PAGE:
NO one said it was going to be easy. But with his first season behind him and his second already underway, Center Theatre Group artistic director Michael Ritchie has yet to communicate a clear theatrical game plan.
Questions concerning his artistic vision for the Ahmanson Theatre, the Mark Taper Forum and the Kirk Douglas -- three unique spaces demanding customized leadership -- are mounting.
Having begun with a promise to make the Ahmanson more a showcase for world premieres, he's backed off in the new season with a lineup mostly of touring Broadway shows.
As for his two other spaces, the message has been murky. Beyond his penchant for pairing well-known stars with well-known playwrights, he hasn't given us much sense of his mission for the Taper -- a theater that has historically been one of the most important launching pads for new plays in the country.
And let's just say that if the Douglas were a child, it would inevitably end up in long-term therapy after this last year of neglect.
Naturally, it will take Ritchie time to put his stamp on a theater whose founder, Gordon Davidson, was a figure comparable only to the Public Theater's Joe Papp in his drive, stature and hands-on personality. Ritchie doesn't have the same titanic presence. What's troubling, however, is that he seems to be emulating the megalomaniac, go-it-alone style that often left these two theatrical pioneers alienated and embattled.
The task of running a behemoth like CTG requires not just an army of workers to get the shows up and running but also a select group with the acumen and boldness to guide the theater into a new era. A brain trust, if you will, that's collectively smarter than the top boss.
The only major artistic hire Ritchie has made is associate producer Kelley Kirkpatrick. In fairness, Ritchie has arrived at a downsizing moment brought on by CTG's $3-million deficit and a less generous funding climate. But his reluctance to share his post -- which is too big for any one person to handle -- with those having the experience to give them real institutional authority has led to productions and policies that seem more reactive than proactive.
The glittering successes
RITCHIE has had his share of early successes. The much buzzed-about Taper production of "The Cherry Orchard" with Annette Bening and Alfred Molina raised a Chekhov revival to the level of a stirring cultural event.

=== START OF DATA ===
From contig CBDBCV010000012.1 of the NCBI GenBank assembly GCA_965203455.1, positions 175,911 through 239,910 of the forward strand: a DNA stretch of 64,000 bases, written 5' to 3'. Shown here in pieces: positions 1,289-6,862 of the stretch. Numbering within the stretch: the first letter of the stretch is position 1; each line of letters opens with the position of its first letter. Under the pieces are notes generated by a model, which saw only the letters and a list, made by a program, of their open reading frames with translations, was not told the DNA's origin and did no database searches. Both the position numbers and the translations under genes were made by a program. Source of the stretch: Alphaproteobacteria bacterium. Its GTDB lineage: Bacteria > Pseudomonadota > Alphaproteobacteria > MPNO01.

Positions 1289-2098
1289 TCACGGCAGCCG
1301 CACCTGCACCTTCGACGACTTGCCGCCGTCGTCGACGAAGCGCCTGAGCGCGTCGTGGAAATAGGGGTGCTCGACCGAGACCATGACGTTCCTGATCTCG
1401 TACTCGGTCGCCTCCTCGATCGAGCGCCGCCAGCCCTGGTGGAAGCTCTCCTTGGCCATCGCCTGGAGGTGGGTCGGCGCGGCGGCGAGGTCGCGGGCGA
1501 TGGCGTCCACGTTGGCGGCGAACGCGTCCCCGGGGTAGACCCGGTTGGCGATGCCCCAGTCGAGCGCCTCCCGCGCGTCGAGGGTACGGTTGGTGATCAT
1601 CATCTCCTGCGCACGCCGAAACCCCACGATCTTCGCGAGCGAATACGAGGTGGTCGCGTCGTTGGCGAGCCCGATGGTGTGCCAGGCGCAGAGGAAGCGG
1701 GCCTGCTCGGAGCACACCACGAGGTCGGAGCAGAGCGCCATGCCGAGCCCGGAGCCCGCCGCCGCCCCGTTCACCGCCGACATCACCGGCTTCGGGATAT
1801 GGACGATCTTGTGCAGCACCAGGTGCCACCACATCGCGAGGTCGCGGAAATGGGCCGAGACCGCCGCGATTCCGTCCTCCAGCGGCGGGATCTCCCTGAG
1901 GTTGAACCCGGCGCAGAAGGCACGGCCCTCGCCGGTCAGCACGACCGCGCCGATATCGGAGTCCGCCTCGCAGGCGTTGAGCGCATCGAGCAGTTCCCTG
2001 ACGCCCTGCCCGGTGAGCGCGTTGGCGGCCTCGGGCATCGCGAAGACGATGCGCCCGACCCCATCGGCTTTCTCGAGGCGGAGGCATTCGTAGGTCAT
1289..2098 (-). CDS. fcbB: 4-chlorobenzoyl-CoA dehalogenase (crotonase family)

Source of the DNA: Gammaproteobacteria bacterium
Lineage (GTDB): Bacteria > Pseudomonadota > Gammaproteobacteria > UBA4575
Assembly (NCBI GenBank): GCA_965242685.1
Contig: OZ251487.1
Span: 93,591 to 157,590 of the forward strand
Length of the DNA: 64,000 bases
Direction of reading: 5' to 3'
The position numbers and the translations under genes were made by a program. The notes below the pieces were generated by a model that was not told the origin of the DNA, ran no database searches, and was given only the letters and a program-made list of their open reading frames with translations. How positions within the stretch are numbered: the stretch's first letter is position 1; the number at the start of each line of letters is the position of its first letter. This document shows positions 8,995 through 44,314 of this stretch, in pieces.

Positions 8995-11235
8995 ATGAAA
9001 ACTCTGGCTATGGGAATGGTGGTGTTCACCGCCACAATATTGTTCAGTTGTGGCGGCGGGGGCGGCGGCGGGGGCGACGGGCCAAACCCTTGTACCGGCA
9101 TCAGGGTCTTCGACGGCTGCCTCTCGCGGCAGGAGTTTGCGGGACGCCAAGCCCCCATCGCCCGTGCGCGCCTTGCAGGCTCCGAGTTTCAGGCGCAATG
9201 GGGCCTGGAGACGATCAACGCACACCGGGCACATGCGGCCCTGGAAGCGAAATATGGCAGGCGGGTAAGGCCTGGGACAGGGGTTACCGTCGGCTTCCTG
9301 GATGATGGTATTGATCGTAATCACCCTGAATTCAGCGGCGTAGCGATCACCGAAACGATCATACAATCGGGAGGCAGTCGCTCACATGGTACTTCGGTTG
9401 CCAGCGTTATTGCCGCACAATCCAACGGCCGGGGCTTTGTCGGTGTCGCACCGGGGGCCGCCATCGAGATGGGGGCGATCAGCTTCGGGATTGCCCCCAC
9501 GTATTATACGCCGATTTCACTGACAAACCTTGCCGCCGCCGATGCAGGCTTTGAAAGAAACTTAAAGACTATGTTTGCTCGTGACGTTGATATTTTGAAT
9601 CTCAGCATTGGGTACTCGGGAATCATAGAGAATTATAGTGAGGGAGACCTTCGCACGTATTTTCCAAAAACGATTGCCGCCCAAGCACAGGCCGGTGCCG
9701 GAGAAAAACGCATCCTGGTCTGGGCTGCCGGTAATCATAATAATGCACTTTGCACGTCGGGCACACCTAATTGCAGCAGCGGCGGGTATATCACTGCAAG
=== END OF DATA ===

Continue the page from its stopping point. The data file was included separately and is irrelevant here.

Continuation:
It was a coup for him to lure "The Drowsy Chaperone" for a pre-Broadway tryout at the Ahmanson before it went on to snare five Tony Awards. "Curtains," the new John Kander-Fred Ebb musical whodunit that had its world premiere in August, looks set to repeat the West Coast-to-East Coast hit-making flow.
Yet nothing brings prestige to a theater like a new play or musical that has been fostered by a theater's artistic staff. And it's this aspect of his programming that threatens to be a weakness for Ritchie, whose approach has consisted largely of invitations to the already established to produce (keep your fingers crossed) more of the awardwinning same.
His background doesn't exactly assure us that there's more up his sleeve. A stage manager turned impresario, Ritchie came to CTG from the Williamstown Theatre Festival, a summer repertory company that was reinvigorated by his talent for drawing actors with Hollywood cachet (Gwyneth Paltrow, Chris O'Donnell, Marisa Tomei) to dramas by old masters.
He also took advantage of Williamstown's actor training program to produce big-cast offerings that would have broken the bank of most professional houses. New work was a part of the Williamstown mix, but it wasn't what raised the theater's profile under his leadership.
Encouragingly, Ritchie set out to produce more pre-Broadway work at the Ahmanson, long a destination for touring musicals. "The Drowsy Chaperone" and "Curtains" made good on the plan, but what's being offered this season is a return to the post-Broadway status quo.
The lineup -- which includes "Doubt," "The Light in the Piazza," "Who's Afraid of Virginia Woolf?" and "Twelve Angry Men," as well as one West End bonus, the dance musical "Edward Scissorhands" -- demonstrates taste and discrimination. But there are no new musicals now that "Jersey Boys" has come in to replace Berry Gordy's "Ain't No Mountain High Enough." And for all the hype about world premieres, there's nothing to distinguish Ritchie's Ahmanson from the Ahmanson of yore.
The about-face stems from financial imperatives and a short supply of artistic goods. But there were a few missteps along the way that contributed to a more conservative producing atmosphere. These included an over-expensive debut with "Dead End," a lackluster staging of "The Importance of Being Earnest" and an ineptly handled gamble involving Robert Wilson's "The Black Rider," which had the theater's subscribers leaving in droves.